Who Is H. H. Holmes?

We've seen Leonardo DiCaprio take over Wall Street, sink at sea, infiltrate the Boston Irish mob, and, of course, survive a bear attack, but we've never seen him do anything as evil as his new role. That's right, the Oscar Award winner (is't that just so satisfying to say?) will take on the role of an infamous murderer in Martin Scorsese's upcoming film adaptation of Erik Larson's bestseller, but exactly who was the serial killer in The Devil in the White City ? His story is even darker than Calvin Candie's.

While you probably know the names of Ed Gein, Ted Bundy, and Aileen Wuornos, you may be less familiar with H.H. Holmes, but he was actually one of America's first serial killers.The focus of Erik Larson's 2003 nonfiction book and the upcoming blockbuster film starring DiCaprio, Webster Mudgett, who would later be known as Dr. H.H. Holmes, was a career criminal and an active serial killer in Chicago in the 1890s. Using the frenzy of the Chicago World Fair as his cover, Holmes lured guests to his hotel, which would later be deemed the "Murder Castle," where he would trap, torture, and kill his victims all in the confines of his very own building. Are you completely freaked out yet?

Long before setting up shop in Chicago, Holmes spent his wealthy childhood torturing and murdering small animals before he took his passion for mutilation to medical school, where he made a hobby out of experimenting on cadavers. It wasn't until he made his way out to Chicago in 1886 that the real nightmare begun, though. Finding the World Fair to be the perfect hunting ground, Holmes bought a pharmacy and its surrounding buildings and began building the scariest hotel in the world.

Using several different contractors to construct his "Murder Castle", Holmes designed and built his property to have windowless rooms, dead-end hallways, gas jets for each room (so he could poison his guests), and even incinerator chutes for bodies. It was in this evil lair that Holmes claimed his victims, mostly young women who came to the city looking for work or excitement from the World Fair. Once he got them inside the hotel, their fates were sealed. They would all eventually find their way to his torture chambers in the basement, one way or the other.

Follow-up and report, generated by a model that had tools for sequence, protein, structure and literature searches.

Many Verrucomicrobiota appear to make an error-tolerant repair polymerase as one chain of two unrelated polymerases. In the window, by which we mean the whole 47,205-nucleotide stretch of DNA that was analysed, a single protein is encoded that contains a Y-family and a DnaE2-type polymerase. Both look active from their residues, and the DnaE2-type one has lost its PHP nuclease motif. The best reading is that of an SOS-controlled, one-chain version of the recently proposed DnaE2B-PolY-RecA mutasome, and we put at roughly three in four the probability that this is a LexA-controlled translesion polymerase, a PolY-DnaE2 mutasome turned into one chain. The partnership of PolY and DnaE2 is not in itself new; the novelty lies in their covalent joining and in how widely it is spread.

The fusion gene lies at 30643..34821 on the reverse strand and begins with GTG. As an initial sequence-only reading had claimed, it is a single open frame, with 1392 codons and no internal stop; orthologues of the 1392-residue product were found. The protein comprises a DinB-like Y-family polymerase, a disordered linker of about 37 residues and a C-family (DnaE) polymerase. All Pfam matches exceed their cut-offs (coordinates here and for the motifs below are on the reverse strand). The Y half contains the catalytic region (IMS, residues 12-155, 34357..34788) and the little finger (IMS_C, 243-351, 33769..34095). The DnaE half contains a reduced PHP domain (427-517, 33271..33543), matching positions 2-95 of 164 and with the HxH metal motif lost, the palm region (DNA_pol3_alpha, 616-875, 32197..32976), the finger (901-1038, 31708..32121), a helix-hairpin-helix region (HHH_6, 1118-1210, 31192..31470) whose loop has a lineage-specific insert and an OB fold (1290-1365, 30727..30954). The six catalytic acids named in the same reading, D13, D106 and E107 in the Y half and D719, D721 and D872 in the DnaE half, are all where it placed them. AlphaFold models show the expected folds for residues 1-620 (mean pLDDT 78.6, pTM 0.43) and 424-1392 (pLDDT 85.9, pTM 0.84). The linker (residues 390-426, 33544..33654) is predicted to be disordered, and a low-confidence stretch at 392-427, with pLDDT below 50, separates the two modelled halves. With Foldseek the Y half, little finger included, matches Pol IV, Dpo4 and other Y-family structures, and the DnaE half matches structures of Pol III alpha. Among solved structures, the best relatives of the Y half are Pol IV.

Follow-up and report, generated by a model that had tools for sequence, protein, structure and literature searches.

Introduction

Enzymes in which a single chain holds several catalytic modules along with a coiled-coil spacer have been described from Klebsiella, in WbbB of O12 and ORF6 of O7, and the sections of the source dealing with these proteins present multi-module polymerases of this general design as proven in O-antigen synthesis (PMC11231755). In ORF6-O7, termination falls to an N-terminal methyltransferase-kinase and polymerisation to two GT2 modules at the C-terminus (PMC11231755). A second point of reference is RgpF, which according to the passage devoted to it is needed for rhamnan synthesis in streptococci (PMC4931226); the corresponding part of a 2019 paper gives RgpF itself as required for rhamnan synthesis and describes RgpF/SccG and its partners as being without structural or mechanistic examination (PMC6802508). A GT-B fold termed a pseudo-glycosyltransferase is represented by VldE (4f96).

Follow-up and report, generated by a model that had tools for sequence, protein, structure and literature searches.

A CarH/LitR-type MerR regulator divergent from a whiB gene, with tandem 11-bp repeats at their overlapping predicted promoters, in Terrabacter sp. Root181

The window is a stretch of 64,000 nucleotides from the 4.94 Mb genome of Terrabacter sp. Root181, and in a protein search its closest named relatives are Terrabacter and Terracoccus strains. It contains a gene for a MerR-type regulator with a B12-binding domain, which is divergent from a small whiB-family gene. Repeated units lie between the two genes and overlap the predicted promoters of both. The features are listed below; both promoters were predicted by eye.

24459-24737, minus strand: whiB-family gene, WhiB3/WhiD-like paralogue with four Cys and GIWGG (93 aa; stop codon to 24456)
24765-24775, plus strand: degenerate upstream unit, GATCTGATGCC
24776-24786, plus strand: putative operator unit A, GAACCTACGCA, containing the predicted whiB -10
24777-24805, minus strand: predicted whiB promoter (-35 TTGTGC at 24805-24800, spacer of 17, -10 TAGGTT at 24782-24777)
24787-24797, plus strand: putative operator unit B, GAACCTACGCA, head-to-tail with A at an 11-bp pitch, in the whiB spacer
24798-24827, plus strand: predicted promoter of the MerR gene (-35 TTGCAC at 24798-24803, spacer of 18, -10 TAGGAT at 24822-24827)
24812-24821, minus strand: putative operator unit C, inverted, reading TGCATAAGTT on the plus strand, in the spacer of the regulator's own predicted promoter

Holmes's murders weren't just an act of violence, but one of greed. After stripping them clean of any flesh, he would sell the skeletons of his victims to medical schools and laboratories for an exorbitant price. On top of his penchant torture, Holmes also had a knack for cooking up financial schemes that involved insurance scams. It was this nasty habit that would eventually lead Holmes to his capture.

America's first serial killer was eventually caught, convicted, and hanged for his crimes in 1896. Though the murders he committed are what got him the noose, it was a detective from Philadelphia that was investigating the death of Holmes' previous business partner (another one of his victims), Benjamin Pitezel, and their attempted insurance scam that got Holmes caught.

Holmes was officially charged with four counts of murder and six attempted murders, it remains unclear just how many victims died by his hands. There were nine confirmed victims at the time of Holmes's hanging, and at one point the killer confessed to 27 murders, but some estimate he murdered closer to 200 people during his reign of terror.

Holmes isn't just immortalized in his horrifying legend, Larson's book, or the upcoming film, either. Ryan Murphy's fifth season of American Horror Story: Hotel featured a Holmes-inspired character, Mr. March, who turned his own property into a personal torture chamber. If Leo's on-screen version of Holmes is even half as creepy as Evan Peter's, it's definitely going to give me nightmares.

If you haven't read Erik Larson's intriguing yet utterly disturbing account of Dr. H. H. Holmes's life and crimes, do it before you see the movie. Trust me, you're going to want to know everything you can about this notorious serial killer — just be prepared to sleep with the lights on.

Images: Wikimedia Commons (2); Giphy